What is the function of receptors in our body? Think of situations where receptors do not work properly. What problems are likely to arise?


-Priyanti, Subject Matter Expert at Edumarz

Solution: Receptors are biological transducers capable of converting the energy from external and internal stimuli to electrical impulses. Receptors maybe scattered throughout the body and function on their own, or come together to give rise to a sense organ. Afferent nerve fibres connect receptors to the central nervous system (CNS) and they have a dynamic receptive field. Different types of receptors function in different ways, and they can be classified into six main categories on the basis of their actions.

  • Mechanoreceptors: sensitive to mechanical stimuli such as touch and hearing

  • Thermoreceptors: sensitive to changes in temperature

  • Photoreceptors: sensitive to light

  • Chemoreceptors: sensitive to changes of chemical nature such as taste and smell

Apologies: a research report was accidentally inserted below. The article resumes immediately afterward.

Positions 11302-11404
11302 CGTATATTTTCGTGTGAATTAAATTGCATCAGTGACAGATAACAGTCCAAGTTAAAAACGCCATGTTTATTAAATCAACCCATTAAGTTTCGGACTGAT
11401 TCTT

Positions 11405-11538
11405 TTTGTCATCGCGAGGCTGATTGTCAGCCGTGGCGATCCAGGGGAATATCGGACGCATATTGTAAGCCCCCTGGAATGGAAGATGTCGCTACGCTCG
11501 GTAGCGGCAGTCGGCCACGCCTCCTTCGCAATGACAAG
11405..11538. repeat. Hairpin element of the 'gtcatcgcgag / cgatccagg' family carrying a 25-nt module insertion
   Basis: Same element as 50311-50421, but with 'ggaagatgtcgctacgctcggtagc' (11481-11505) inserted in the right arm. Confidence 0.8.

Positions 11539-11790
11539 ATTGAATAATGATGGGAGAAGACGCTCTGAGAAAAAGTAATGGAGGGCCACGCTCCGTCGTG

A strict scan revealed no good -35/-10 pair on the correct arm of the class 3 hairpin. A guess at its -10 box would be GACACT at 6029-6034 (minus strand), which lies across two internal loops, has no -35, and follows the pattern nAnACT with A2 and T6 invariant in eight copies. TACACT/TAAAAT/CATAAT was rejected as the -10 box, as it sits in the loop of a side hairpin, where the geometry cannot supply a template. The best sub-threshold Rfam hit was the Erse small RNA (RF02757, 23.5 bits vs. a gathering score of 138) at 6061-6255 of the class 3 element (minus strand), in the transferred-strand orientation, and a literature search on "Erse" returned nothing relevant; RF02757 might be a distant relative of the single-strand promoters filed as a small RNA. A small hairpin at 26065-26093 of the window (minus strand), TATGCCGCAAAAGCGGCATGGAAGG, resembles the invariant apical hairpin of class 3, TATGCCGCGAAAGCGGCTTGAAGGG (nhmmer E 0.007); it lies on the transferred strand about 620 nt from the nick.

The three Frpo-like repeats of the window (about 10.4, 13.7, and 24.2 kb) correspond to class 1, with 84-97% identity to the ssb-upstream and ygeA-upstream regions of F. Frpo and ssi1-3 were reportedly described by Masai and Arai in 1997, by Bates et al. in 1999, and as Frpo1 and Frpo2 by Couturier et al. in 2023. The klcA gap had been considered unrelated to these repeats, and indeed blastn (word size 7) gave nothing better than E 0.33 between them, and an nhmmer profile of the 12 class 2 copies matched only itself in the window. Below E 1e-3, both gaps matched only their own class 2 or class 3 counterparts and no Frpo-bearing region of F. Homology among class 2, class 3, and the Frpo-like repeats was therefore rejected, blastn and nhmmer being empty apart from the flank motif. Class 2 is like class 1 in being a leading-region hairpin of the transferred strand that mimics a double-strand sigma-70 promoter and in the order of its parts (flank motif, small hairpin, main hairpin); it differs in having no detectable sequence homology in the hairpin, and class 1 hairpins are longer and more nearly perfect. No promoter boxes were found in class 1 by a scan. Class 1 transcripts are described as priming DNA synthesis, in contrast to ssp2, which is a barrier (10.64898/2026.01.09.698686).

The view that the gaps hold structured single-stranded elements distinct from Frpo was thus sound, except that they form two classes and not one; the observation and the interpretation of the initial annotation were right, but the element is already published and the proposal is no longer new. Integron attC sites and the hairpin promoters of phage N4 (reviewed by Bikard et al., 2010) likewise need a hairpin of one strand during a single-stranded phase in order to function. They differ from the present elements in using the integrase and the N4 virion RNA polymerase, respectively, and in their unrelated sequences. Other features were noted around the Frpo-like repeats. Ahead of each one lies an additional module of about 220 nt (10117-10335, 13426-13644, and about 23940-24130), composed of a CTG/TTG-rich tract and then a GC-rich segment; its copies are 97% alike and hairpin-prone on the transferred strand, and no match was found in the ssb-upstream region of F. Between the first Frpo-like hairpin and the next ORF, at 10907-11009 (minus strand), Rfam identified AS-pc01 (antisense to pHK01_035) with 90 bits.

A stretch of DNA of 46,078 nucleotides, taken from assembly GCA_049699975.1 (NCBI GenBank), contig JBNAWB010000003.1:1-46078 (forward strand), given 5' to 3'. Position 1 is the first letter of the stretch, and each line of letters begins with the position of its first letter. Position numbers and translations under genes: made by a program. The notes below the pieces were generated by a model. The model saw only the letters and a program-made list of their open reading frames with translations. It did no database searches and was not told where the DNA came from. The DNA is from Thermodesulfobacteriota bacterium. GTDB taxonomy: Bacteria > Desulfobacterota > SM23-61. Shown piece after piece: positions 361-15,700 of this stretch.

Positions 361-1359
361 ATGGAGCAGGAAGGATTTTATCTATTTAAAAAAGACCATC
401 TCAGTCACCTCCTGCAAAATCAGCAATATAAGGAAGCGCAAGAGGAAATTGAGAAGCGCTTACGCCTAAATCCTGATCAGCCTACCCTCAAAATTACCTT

• Osmoreceptors: sensitive to osmotic changes

  • Nociceptors: sensitive to pain

When receptors of the body sustain damage, they’re unable to process stimuli and convert them into electrical signals; as a result their responses get delayed or stop altogether. The patient can no longer be effectively aware of their internal and external environment and fail to react appropriately to different conditions. For example, if photoreceptors are damaged, it would lead to blindness as the responsible organs (rods and cones of eyes) fail to perceive light.

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